Thoreau's Journal: 29-Mar-1855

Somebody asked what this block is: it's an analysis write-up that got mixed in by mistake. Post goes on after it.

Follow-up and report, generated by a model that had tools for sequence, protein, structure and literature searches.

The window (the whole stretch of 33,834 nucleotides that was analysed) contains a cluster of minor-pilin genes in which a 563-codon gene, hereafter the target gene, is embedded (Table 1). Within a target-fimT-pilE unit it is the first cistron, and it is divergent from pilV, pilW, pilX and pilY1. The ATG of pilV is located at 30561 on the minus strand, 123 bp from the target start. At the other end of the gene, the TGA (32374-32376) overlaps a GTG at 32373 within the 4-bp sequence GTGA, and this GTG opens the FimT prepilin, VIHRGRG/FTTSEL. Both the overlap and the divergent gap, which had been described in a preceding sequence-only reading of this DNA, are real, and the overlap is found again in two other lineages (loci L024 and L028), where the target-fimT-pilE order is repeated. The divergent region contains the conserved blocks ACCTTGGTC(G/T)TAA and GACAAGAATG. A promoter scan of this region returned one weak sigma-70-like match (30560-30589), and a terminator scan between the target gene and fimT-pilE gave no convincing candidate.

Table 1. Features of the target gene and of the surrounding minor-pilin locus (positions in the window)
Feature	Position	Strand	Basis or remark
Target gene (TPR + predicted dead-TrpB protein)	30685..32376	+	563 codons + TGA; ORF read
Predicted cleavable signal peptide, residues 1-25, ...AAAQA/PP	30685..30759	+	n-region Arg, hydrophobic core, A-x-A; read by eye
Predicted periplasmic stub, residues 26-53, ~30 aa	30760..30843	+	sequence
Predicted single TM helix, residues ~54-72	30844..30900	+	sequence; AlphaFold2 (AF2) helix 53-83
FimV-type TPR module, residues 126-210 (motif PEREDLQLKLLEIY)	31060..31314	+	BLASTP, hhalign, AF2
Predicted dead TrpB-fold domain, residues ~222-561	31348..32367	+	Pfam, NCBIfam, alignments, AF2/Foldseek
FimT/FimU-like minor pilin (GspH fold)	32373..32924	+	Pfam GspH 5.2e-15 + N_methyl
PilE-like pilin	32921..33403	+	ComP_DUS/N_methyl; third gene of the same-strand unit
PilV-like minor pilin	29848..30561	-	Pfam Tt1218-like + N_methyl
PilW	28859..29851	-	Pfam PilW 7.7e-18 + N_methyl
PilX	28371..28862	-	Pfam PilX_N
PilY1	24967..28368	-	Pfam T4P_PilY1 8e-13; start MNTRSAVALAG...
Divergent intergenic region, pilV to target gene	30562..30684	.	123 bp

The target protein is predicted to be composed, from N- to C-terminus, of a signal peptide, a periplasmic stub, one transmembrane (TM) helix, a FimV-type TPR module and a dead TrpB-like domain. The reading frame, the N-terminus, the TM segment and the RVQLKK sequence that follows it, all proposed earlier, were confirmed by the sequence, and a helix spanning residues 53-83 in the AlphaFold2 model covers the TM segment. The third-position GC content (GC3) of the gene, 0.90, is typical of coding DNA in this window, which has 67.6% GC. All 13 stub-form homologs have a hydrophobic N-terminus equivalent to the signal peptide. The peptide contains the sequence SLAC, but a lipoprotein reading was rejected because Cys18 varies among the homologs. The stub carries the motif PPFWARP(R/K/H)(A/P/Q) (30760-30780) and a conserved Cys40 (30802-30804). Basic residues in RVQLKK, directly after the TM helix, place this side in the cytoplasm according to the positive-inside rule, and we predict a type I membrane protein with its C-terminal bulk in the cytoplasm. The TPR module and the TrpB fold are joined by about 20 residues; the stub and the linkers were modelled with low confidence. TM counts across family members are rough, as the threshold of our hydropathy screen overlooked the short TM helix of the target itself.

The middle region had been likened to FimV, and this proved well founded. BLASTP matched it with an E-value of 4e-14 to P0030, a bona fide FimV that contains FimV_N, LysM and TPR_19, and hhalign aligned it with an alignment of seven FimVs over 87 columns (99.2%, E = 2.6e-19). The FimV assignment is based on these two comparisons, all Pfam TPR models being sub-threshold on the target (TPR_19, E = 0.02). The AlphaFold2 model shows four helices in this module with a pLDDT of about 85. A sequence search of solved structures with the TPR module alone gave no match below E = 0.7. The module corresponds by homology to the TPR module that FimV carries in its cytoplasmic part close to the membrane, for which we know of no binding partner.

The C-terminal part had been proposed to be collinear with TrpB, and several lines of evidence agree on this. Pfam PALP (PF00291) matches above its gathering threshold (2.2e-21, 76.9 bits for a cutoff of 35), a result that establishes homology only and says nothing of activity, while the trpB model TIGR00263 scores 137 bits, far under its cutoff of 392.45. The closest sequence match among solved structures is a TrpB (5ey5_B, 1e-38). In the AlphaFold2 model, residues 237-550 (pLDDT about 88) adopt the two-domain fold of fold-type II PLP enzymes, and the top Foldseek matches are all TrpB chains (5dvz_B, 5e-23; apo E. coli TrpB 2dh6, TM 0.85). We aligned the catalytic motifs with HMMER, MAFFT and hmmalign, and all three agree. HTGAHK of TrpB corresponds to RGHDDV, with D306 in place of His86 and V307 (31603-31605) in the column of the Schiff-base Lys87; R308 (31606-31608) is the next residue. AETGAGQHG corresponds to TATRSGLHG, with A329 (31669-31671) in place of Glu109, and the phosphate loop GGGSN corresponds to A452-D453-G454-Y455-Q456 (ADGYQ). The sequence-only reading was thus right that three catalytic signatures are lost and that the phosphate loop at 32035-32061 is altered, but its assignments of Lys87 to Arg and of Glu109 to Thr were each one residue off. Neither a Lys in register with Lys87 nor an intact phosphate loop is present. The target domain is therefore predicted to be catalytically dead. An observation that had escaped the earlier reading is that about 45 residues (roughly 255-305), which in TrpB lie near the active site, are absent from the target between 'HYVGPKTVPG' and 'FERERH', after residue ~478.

As I stand on Heywood’s Peak, looking over Walden, more than half its surface already sparkling blue water, I inhale with pleasure the cold but wholesome air like a draught of cold water, contrasting it in my memory with the wind of summer, which I do not thus eagerly swallow. This, which is a chilling wind to my fellow, is decidedly refreshing to me, and I swallow it with eagerness as a panacea. I feel an impulse, also, already, to jump into the half-melted pond. This cold wind is refreshing to my palate, as the warm air of summer is not, methinks. I love to stand there and be blown on as much as a horse in July.